A similar excitement manifests itself among the general public. The colleges at Cambridge and New Haven were nearly deserted on the day of the recent Yale-Harvard game at Springfield. In New York, on Thanksgiving Day, 1889, there was paid for tickets to the YalePrinceton game more than $25,000 ; and people in North Carolina mountain towns watched the telegraphic bulletin. Not even Patti can command such audiences or take so much money for one performance. The newspapers give the public the impression that the whole interest of the colleges is absorbed in gladiatorial shows.
To the evils just mentioned — irregularity, extravagance, excitement — there is added a still more serious evil, that of professionalism in college athletics. The first approach to the professional spirit is found in the few young men who become regular members of the college in order to develop and exhibit their skill as athletes. No college ought to have a place for such men. Occasionally they enter late, and disappear at the end of the athletic season ; more frequently they keep on, year after year, preventing other possible candidates from getting on the teams. Another phase of the disposition to make sport the end rather than the means is the pressure brought to bear on athletic men, who have graduated from college, to return and to go upon teams. A further advance of the same spirit is seen in those students who accept from proprietors of summer hotels offers of board, and sometimes of incidental expenses, as an inducement to play during the season, and who thus come within the strict definition of professionals. Another step is to receive money for occasional games ; and, finally, a considerable number of college students or graduates have accepted summer employment from professional clubs, or have become teachers of athletics, and have thus separated themselves from all amateur organizations, within college or outside. Some of these men have, by their sport, acquired the means honorably to clear off college debts, or to provide for a professional education. No one can complain of their taking money for the practice of their skill ; but the element of pleasure or of physical benefit — that is, the element of sport — disappears, and the purpose for which college athletics exist ceases, the moment a man begins to consider his skill a pecuniary resource.
Serious as are the evils connected with athletic sports, the writer believes that they are more than counterbalanced by the effect on the health of the students, and by the opportunity given for working off youthful spirits in a harmless way. Students themselves are sensible of the evils, but the expectation that they would in their own way find a remedy has not been realized. Students’ organizations are loose ; college generations are very short; traditions quickly fade ; and there is lack of permanent policy. Captains usually serve a single year, and each feels like one of the ten Greek generals on his day of command. It is almost impossible for one college to obtain any reform without negotiation with other colleges, and diplomacy enough to secure an extradition treaty with Great Britain. Organizations controlled by graduates do better because they hold the undergraduates down to a definite policy. Those colleges in which the graduates have most influence, as Yale and Princeton, have proved upon the field and the river the excellence of graduate management. But the system is not very much freer than that of the untrammeled undergraduates from the evil of extravagance, sharp practice, and wastefulness of time. The teams are better ; the morale of the sports is little improved.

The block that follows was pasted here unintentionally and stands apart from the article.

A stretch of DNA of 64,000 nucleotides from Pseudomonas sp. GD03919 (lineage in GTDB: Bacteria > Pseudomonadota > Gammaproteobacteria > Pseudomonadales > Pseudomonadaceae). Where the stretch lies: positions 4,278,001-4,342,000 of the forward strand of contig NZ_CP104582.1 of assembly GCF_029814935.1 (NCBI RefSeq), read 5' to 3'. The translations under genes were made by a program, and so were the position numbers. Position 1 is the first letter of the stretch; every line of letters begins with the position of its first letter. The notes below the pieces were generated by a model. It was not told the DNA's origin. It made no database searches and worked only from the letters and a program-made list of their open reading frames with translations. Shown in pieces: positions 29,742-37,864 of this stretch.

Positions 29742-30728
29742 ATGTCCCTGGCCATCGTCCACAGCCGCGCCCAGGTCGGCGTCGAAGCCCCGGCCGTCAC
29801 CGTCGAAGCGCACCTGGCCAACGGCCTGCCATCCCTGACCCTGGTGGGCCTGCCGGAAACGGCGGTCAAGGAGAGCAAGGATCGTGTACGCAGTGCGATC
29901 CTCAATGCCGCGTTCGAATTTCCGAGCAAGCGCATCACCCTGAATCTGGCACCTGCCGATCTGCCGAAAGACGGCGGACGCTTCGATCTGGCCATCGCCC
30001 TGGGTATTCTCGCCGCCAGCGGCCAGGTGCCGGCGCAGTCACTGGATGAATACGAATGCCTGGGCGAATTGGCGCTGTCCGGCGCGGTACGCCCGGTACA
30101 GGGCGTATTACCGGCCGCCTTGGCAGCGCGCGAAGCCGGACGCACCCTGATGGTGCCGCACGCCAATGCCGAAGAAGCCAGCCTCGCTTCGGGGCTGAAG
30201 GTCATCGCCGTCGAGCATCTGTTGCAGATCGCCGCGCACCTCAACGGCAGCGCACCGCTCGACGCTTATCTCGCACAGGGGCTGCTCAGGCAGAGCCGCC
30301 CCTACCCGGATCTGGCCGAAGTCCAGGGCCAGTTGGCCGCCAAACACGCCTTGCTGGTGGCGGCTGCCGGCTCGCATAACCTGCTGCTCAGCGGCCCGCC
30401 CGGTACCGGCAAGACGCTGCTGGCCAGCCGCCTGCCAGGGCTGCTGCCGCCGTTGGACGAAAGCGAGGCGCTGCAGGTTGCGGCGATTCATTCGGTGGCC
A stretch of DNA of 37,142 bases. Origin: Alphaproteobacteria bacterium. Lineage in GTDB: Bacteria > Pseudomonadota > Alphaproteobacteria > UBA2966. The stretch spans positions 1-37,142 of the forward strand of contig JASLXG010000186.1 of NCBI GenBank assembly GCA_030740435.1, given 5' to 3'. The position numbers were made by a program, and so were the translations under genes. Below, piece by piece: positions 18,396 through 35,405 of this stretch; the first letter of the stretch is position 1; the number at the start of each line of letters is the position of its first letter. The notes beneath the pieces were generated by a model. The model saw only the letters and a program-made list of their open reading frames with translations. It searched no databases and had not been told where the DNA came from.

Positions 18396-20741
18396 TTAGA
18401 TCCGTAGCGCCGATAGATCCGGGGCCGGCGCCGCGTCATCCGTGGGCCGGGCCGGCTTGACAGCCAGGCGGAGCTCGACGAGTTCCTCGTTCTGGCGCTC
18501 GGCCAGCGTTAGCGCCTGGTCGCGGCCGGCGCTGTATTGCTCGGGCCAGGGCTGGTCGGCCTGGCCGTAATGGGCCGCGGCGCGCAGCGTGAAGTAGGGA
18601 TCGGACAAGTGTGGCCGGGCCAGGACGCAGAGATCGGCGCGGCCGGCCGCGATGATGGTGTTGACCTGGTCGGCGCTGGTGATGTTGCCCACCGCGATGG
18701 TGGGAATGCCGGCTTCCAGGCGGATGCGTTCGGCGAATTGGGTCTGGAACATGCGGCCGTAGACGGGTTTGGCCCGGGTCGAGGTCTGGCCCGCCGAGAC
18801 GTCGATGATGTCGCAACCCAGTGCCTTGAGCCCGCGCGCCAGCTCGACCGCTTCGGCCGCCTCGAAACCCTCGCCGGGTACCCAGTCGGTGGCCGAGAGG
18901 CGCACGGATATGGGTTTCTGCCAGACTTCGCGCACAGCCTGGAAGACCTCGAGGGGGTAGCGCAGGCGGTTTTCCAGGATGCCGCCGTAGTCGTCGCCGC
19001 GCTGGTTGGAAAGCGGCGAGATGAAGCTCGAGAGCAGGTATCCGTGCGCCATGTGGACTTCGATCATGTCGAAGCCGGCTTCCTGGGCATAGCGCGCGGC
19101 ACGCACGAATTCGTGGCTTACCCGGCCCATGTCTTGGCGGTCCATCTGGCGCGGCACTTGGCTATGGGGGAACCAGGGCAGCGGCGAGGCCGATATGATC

College Faculties have been unwilling to take responsibility for athletic contests, and have from the first rather tolerated them as an unavoidable evil. They began by legislating against broken windows and broken heads. As it was evident that athletic sports were a vigorous growth, the next step was to make provision for exercise by building new gymnasiums. In some cases physical examinations have been required, as at Amherst, or exercise has been made obligatory, as at Cornell.
Then came a time when it was discovered that students were making appointments which took them away from college work, or which unduly absorbed the attention of their fellows. A mild system of interference was adopted, with gentle rules as to time, place, and number of games. Some colleges, notably Yale, have gone no further, preferring to leave the whole matter to students. Additional legislation has been difficult: any serious limitations have been resented by the students ; and the smaller colleges have hesitated to take any step which might keep students away. Most of the larger colleges, however, have appointed Faculty committees on athletics, whose office has been to exercise moral suasion over the students, and sometimes actually to regulate. There has been little interference with student organizations ; money has been collected by subscription, and it has been a delicate matter to protect voluntary subscribers from their own agents. With the present large revenues from gate money a system of audit has been found indispensable. In some colleges it is exercised by graduate committees. At Harvard, by strenuous exertion, the organizations have been brought to agree to the appointment of a graduate treasurer, and to the deposit of surpluses arising from gate money, to be used for general athletic purposes.